Linked by Thom Holwerda on Sun 12th Aug 2012 22:16 UTC
General Development "I cannot help but speculate on how the software on the Curiosity rover has been constructed. We know that most of the code is written in C and that it comprises 2.5 Megalines of code, roughly. One may wonder why it is possible to write such a complex system and have it work. This is the Erlang programmers view."
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How
by Treza on Mon 13th Aug 2012 00:38 UTC
Treza
Member since:
2006-01-11

I don't know how things are done in Curiosity but I know a bit about critical software in aircrafts.

- The operating systems are deliberately crippled and very static. Task scheduling is fixed with pre-defined deadlines. For hardcore stuff (flight controls for example), equipments are single-purpose and there is often no "real" operating system, just a scheduler.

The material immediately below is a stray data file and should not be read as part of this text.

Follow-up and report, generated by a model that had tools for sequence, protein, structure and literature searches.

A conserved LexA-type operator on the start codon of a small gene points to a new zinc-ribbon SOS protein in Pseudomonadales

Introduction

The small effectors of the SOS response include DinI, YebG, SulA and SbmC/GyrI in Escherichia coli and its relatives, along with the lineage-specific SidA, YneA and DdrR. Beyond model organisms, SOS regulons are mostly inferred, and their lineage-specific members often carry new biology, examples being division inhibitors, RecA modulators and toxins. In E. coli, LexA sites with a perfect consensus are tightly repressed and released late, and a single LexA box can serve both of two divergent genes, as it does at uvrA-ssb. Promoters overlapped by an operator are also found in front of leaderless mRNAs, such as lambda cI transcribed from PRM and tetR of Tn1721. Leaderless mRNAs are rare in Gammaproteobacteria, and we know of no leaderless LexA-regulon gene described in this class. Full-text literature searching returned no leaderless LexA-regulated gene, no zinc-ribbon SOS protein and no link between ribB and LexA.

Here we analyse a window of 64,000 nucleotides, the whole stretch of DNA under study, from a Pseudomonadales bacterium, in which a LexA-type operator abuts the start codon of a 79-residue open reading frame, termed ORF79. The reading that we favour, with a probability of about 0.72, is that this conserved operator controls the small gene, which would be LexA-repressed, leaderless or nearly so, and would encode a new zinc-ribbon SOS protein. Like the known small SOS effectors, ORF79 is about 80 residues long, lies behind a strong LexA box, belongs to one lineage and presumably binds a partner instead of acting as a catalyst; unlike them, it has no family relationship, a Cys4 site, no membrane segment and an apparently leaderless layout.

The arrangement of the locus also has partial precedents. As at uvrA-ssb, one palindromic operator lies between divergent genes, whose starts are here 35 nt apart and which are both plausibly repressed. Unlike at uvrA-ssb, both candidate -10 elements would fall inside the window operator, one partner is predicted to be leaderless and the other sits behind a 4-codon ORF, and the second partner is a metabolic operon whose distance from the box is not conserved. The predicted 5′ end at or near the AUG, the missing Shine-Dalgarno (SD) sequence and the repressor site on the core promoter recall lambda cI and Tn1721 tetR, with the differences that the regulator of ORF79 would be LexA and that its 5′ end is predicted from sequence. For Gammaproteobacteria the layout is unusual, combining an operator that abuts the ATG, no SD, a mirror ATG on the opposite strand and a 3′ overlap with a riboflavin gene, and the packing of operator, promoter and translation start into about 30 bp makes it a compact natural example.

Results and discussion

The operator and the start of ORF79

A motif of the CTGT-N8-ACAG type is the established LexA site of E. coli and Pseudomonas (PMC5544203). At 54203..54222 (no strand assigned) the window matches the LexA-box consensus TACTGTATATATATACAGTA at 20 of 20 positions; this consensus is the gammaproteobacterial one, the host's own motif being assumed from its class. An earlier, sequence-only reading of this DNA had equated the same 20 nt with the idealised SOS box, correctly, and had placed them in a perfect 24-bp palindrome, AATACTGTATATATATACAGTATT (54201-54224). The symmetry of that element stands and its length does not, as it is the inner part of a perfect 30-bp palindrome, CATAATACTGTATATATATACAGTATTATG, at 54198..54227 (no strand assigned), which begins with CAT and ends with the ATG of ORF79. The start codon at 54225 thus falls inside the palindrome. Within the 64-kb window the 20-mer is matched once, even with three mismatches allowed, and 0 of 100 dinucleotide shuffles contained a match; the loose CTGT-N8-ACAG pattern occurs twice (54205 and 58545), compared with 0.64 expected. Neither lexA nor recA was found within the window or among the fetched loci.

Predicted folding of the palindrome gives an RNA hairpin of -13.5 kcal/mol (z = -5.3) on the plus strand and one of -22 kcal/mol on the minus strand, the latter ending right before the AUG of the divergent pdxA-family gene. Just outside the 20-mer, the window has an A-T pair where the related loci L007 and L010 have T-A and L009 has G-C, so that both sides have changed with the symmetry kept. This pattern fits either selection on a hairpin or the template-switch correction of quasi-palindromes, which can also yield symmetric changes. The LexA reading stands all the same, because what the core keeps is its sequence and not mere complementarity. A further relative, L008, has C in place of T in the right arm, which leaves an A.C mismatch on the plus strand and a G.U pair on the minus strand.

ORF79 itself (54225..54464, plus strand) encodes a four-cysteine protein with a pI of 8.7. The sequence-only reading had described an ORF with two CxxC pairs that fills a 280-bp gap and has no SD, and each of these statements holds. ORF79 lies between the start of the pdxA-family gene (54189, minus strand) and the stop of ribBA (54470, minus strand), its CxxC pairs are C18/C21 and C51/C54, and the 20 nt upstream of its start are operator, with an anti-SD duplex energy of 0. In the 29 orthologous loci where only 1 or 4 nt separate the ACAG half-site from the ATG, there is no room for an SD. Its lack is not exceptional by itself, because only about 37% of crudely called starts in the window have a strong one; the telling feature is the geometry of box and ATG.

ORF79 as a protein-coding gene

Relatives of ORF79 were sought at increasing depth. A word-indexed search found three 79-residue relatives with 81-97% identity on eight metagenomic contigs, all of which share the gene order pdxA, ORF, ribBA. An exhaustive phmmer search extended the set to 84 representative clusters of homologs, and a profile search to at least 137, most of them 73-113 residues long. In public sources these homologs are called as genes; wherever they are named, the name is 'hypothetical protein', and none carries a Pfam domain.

The Arinc653 standard for operating systems is now more and more used for "modular avionics" : Multi-purpose onboard computers.

- Safety is usually obtained by using both redundancy and dissemblance. Redundancy by using several identical equipments for fault tolerance, dissemblance by selecting different components and software (including eventually different programming languages) to avoid systematic issues.
For example, Boeing "triple" B777 : Three primary computers based each on three dissimilar CPUs : intel 486, AMD 29k and Motorola 68040.

- The 2.5M LOC can be misleading as often C is not the original programming language (except for some special parts for system control, drivers) but instead an intermediate format generated by higher level tools (for example "SCADE, Matlab"). C compilers are often the most mature, and proven reliable compilers exists for subsets of the C langage. Optimisers are used with a lot of caution.
The auto-generated C code is (deliberately) very dumb and basic (no pointers, global variables at fixed memory addresses...)

I suppose also that for Curiosity there are plenty of backup mechanisms. The software is certainly very very complex but in most of the software, eventual bugs don't compromise the mission and can be patched remotely.

[As an afterthought, I realise that this post is not that much related to the subject. Sorry !]

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